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Canadian journalist Mohamed Fahmy addresses a news conference hosted by Canadian Journalists for Free Expression while his wife Marwa Omara looks on in Toronto, Oct.13, 2015.Frank Gunn/The Canadian Press

Nursing a broken shoulder and contending with insects in his cell in Cairo, Mohamed Fahmy kept up his spirits with contraband press releases. Smuggled in by his wife amidst plates of rice and fish, the printouts attested to efforts by advocacy groups and opposition politicians in Canada to secure the Canadian journalist's release.

Mr. Fahmy, whose prolonged detention became a global cause célèbre, was pardoned by Egypt's President in late September and returned to Canada on the weekend. On Tuesday, at a news conference in Toronto, he thanked the people who worked for his freedom, especially the group Canadian Journalists for Free Expression, which organized the event.

"I probably survived because of your support outside," he said. "If you ever doubt that these campaigns make a difference, I'm living proof that they do."

Mr. Fahmy's wife, Marwa Omara, said she was looking forward to finally "having a normal life."

"The last few years have been so hard and so dramatic," she said.

But Mr. Fahmy seems intent on making a splash now that he is back in Canada. He signed a book deal with Random House in April and will soon take up a post at the University of British Columbia's Global Reporting Centre. He has also become a vocal advocate for other journalists still behind bars in repressive countries.

On Tuesday, he alternated between elation and bitterness as he took questions from journalists, returning frequently to the subject of the Conservative government's handling of his case, which he has sharply criticized.

"It was difficult not to feel betrayed and abandoned by [Stephen] Harper," he said.

The Prime Minister should have intervened more forcefully and earlier in his detention, Mr. Fahmy said.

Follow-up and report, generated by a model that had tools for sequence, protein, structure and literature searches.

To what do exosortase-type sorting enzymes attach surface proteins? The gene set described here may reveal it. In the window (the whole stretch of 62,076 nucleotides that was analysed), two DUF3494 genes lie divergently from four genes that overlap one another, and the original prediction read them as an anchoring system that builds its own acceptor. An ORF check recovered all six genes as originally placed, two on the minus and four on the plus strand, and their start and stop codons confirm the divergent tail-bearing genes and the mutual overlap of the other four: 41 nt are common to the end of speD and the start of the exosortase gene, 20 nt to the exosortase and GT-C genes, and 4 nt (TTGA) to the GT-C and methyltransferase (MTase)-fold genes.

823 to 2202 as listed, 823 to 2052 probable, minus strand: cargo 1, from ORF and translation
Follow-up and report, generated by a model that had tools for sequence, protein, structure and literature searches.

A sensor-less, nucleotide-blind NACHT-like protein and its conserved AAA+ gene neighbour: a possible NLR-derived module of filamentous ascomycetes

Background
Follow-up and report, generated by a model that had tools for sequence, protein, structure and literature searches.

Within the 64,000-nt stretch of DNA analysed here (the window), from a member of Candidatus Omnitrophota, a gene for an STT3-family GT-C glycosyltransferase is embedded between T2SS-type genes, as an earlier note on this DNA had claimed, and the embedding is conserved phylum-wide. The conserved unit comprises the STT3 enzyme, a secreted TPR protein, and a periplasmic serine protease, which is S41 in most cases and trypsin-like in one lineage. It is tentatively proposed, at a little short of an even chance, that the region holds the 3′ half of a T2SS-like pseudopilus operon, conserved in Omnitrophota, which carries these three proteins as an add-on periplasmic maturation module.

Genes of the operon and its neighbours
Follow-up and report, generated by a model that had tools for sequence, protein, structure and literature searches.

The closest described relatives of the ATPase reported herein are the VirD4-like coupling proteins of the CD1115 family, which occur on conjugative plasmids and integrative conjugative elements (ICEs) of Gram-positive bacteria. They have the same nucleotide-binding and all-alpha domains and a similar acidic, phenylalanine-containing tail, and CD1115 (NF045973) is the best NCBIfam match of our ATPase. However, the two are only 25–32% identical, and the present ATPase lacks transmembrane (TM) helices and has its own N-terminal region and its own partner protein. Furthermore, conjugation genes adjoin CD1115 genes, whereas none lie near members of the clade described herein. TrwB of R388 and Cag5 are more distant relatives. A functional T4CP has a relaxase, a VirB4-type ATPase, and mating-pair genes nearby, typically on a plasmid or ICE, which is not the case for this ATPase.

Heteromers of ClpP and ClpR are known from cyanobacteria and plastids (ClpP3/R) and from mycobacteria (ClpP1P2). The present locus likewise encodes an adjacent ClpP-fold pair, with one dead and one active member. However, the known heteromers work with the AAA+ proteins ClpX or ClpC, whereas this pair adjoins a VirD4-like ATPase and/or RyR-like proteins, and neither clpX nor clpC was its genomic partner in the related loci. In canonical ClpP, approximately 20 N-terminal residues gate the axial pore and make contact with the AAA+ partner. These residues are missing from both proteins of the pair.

"In my cell, I refused to recognize at first that Mr. Harper was not putting his full clout behind me," Mr. Fahmy said. "Even Egyptian officials were saying that Mr. Harper is not there for you."

A report by The Canadian Press Tuesday indicated that Mr. Harper had in fact spoken with Egyptian President Abdel-Fattah el-Sissi about Mr. Fahmy's case, but the former CNN reporter shot back that the Conservative Leader should have been more transparent about his efforts.

Mr. Fahmy also met with Liberal Leader Justin Trudeau and NDP Leader Tom Mulcair on Monday evening and Tuesday afternoon respectively. He said he would be glad to meet with Conservative Party officials, but thought it unlikely that they would ask.

"If they're in the mood to say hello, they know where I am," he said.

Wading into the Conservative government's record more broadly, Mr. Fahmy criticized the anti-terrorism law, Bill C-51, for limiting civil liberties. He saved his harshest invective for Mr. Harper's use of the niqab as a wedge issue during the campaign, calling it "appalling."

"There's obviously a malicious intent behind that," he said. "I just think it should not be brought up during elections."

With the help of UBC, Mr. Fahmy is trying to establish a Vancouver residence in time to vote in Monday's election. He declined to say which party he would be supporting, but added, "You know who I'm not voting for."

The long tenure in prison may have stoked Mr. Fahmy's political convictions, but it did not extinguish his sense of humour. In an interview with The Globe and Mail, he joked that his wife would bring him "very cold pizza" in prison, and remembered the prison guards asking him to say good things about them on TV when he was released.

Mr. Fahmy's 21-month saga began in December, 2013, when he was arrested and eventually convicted of terrorism-related charges while covering political upheaval in Egypt for Al Jazeera English. After spending more than 400 days in prison, he was released and then re-convicted on charges of spreading "false news."

Though he says he hopes to recover from his ordeal in Canada for a while, Mr. Fahmy also expressed a desire to keep reporting from the Middle East eventually.

"I'm a front-line reporter," he said. "I get bored in the studio."

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